We would imagine that every reader at PPT knows of the commentaries by Thitinan Pongsudhirak, an associate professor and director of the Institute of Security and International Studies, Faculty of Political Science, Chulalongkorn University. He’s a prolific commentator and, unlike so many of his faculty colleagues, he’s actually published some reasonable papers in some acceptable academic journals.
His recent commentary on the Bangkok Post on the military’s draft charter and the junta’s referendum deserves some attention. There’s some good stuff in it, but considerable wishful thinking based on too little attention to history.
As we said some time ago, in 2012 in fact, we think support for a referendum on a long and complicated charter is dopey. It still is. Worse, unless there is remarkable civil disobedience and considerable elector stoicism to defeat the junta’s referendum, then the winners are the military and the royalist anti-democrats who will use a Yes vote as a badge of “democracy.” Of course, this would be ludicrous, but believe us, this is what will be claimed, again and again.
This is why trumpeting the referendum as “Thailand’s second-ever referendum” is a bit of polishing of the junta’s blackened pot of anti-democracy. To say that the “completed draft constitution will now be dissected and digested in myriad ways, although public reactions and views will be constrained by the military-backed authorities” is just too droll. It isn’t going to be dissected by anyone for to do so risks jail. The “debates” will be tame and managed.
It could be that “tensions will likely mount ahead of the referendum, marked by the military government’s escalating repression,” but that repression is meant to deliver a military gold star for the junta.
It is indeed “clear enough that the military wants to retain power over the long term,” but to suggest that this will be “Premocracy 2.0” is giving too little attention to the real history and circumstances of the 1980s, especially when this seems to be portrayed as a benign period of “military-civilian compromise and accommodation that functioned well in the 1980s…”. We think Thitinan should go back and look at the archives of the Bangkok Post to see how Premocracy really worked.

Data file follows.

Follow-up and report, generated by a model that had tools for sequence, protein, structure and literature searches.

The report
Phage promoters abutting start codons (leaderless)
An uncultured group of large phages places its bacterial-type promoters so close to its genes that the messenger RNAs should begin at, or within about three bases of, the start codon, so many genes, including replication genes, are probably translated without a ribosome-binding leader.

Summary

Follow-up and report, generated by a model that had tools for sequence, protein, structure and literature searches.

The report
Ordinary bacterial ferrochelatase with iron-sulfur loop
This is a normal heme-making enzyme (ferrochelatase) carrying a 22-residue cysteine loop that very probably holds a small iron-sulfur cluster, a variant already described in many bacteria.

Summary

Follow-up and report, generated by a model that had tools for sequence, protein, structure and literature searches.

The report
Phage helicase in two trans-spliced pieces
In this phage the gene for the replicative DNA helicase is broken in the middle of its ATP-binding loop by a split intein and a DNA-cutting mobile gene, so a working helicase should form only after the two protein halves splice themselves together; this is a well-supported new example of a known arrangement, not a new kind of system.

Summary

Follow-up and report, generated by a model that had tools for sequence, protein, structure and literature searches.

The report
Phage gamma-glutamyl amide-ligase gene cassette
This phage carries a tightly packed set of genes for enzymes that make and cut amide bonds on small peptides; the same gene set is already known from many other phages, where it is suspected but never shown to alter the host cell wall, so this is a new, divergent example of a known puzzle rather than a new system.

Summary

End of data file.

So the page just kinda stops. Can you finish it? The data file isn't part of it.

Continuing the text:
Yes, we have used this analogy with the monarchy’s regime under General Prem Tinsulanonda earlier in this military junta’s reign of repression, but we no longer consider this the appropriate comparison. As we have been trying to illustrate in recent days, this junta is uninterested in reconciliation (recall Prem’s use of Order 66/2523). Prem’s regime struggled with opposition within the military, and this seems, for the moment at least, unlikely to concern the current regime. Prem had the total support of the palace and king. That might be the case now, but the aged and sick king is now a political liability rather than a source of strength. We could go on.
Thitinan is right that “Thai politics during 1980-88 was widely seen as ‘semi-democratic,” but the point is that it wasn’t a semi-democracy or a “hybrid regime.” It was a demi-democracy or, in another terminology. “Thai-style democracy.” That’s the democracy you have when there is no democracy. Prem was seeking to embed this royalist version of rule. The current regime cannot do that with the king almost out the door and the crown prince incapable of massaging a late succession into the four decades the king had had on the throne by the middle of Prem’s time in office.
Nor was Prem’s period one of “stable semi-democratic rule.” As Thitinan himself states, “Gen Prem presided over five coalition governments and three elections, in 1983, 1986 and 1988. After the latter election, he called it quits and soon thereafter joined the Privy Council, eventually rising to be its president.” He didn’t just call it quits, he was forced to step down for fear of his private life being exposed (by some who now support him and the current regime). Apart from the 1988 election, the other two were meaningless as Prem was throwing crumbs to the political parties so that they could be taught electoral corruption.
For all of these reasons, Thitinan is right to observe: “In truth, what the National Council for Peace and Order [he means the military junta] wants is more than the Premocracy of the 1980s” but not because Prem was “smart,” “astute,” or “untainted by corruption scandals…”. Rather, the political economy was just different and allowed and required different responses. The notion that Prem just handed all economic decision-making over to the best technocrats is also to buy into a fairy tale of “good” policymaking triumphing over deals and compromises. Nothing could be further from the truth. Thitinan is rather too enamored of the idea that technocrats know best.
We’ll skip his comments on the Democrat Party.
We think that Thitinan, and many other commentators, is missing the most basic point: this military junta is nasty, venal and self-serving to an extent that has seldom been seen in Thailand. It is very dangerous to reduce these aspects of its deadly reality by comparisons with very different times and circumstances.